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Review: The Forever Girl, by Alexander McCall Smith

The Forever Girl, by Alexander McCall Smith
There is a young girl named Sally who lives on Grand Cayman Island with her parents who decides at the age of four to change her name to Clover. There is no reason given for the name change. Just the whim of a child.
She has two friends . . . James and Ted. She has strong feelings for James, even as a child. But this is not a childish whim. It’s not even a passing fancy. It is a life-long obsession.
McCall Smith, who did such good work with the No. 1 Ladies Detective Agency, seems to have decided in a more recent novel to abandon the concept of having a story line.
Mind you, time does pass. Clover grows up and goes away to college, as does James. As does Ted. All different colleges. They spend years bumping into each other in pubs and at parties and on the street.
Clover finds a boyfriend of whom she is fond. James always shows up with a girl on his arm. Ted keeps looking for a boyfriend. And through it all Clover obsesses about James and how much she loves him and will never love anyone else.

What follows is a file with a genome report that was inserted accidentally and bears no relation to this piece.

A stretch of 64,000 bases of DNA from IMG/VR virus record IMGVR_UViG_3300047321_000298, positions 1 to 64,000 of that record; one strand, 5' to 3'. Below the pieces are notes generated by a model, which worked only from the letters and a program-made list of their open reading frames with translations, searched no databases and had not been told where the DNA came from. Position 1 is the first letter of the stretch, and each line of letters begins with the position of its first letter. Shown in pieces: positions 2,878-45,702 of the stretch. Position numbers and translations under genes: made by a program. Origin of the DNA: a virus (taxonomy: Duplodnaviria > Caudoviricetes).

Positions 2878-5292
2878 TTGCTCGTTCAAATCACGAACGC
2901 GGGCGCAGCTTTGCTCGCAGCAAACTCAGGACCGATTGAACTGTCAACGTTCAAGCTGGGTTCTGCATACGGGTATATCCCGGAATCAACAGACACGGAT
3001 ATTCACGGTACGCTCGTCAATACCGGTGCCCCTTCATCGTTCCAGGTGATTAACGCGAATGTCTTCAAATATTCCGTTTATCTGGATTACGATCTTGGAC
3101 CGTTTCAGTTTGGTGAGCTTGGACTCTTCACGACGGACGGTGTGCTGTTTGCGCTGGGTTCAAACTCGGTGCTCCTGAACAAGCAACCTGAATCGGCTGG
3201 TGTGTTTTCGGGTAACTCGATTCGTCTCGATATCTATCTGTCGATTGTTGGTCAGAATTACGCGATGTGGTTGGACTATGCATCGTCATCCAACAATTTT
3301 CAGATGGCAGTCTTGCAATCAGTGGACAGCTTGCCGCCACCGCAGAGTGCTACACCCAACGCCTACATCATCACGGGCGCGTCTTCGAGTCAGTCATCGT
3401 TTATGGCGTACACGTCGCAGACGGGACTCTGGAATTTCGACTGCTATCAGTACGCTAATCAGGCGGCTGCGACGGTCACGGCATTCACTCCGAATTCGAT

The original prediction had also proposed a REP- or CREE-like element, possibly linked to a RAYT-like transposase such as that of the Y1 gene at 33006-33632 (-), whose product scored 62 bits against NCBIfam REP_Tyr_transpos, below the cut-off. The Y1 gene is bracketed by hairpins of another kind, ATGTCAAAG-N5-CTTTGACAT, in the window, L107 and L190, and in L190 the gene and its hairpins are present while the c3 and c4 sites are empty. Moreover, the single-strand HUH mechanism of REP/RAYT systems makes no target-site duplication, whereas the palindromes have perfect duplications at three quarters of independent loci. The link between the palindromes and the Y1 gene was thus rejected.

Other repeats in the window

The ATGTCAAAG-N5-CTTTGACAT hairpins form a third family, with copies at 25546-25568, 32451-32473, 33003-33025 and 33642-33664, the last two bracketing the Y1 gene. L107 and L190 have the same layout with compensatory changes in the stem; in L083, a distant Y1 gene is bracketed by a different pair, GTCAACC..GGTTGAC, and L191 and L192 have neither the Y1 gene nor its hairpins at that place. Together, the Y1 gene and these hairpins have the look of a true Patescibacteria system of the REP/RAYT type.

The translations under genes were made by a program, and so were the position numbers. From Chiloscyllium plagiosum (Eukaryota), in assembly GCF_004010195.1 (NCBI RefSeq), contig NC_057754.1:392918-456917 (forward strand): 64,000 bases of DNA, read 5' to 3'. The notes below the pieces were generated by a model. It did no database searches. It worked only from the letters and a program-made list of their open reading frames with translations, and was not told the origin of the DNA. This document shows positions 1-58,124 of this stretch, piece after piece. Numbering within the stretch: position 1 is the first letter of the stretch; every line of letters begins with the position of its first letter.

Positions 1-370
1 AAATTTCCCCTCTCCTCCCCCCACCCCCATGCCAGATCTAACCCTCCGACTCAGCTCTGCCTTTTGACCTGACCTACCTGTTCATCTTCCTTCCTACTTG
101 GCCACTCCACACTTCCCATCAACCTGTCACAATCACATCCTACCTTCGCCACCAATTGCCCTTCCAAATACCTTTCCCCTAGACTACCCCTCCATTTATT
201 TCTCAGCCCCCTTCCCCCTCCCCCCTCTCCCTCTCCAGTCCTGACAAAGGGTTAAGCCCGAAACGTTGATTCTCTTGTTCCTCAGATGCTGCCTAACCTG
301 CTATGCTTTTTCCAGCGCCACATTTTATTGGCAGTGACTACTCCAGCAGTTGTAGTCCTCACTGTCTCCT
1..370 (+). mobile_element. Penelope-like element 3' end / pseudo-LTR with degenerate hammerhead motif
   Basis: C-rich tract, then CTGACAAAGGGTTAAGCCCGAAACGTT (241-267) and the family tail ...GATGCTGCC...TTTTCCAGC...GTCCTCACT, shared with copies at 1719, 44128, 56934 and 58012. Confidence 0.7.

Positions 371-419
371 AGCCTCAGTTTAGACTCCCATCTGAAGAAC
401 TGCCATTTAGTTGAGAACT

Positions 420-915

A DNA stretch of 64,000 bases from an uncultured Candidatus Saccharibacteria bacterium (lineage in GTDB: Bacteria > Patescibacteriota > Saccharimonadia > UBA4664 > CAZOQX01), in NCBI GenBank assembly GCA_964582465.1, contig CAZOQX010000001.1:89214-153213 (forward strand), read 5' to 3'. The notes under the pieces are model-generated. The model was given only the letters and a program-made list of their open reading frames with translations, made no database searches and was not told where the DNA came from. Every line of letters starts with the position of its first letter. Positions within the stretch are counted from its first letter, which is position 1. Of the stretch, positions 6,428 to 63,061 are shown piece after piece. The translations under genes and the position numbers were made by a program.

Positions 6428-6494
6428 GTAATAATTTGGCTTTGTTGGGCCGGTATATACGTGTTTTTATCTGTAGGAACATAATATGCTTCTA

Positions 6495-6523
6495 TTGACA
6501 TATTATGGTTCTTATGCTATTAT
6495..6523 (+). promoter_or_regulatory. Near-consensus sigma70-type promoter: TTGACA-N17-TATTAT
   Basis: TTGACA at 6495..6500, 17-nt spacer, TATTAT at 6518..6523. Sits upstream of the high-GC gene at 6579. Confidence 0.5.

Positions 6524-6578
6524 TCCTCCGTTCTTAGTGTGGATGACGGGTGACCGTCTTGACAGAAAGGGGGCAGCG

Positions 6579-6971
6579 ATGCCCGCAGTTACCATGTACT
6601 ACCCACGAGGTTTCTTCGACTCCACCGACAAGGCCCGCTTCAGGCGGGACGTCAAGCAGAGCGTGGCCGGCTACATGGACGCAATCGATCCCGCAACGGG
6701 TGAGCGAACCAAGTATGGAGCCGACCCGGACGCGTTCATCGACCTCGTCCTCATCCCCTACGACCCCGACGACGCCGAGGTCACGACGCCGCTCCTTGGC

She confesses her love for James to Ted. She confesses to just about anyone who will listen. But she never tells James. Never. Sometimes it will be on the tip of her tongue, but James always picks that moment to leave for an important engagement.
This is pretty much the whole book. Clover’s parents provide a bit of counterpoint when they split up and then get back together. Clover’s mom Amanda decides one day she no longer loves her husband. Just like that. A split-second decision in the middle of a nice conversation. Several years later she decides she loves him after all. No reason given; no emotional insights.
If there is any insight into love and what it is all about, it seems to boil down to the idea that one can become obsessed. Forever.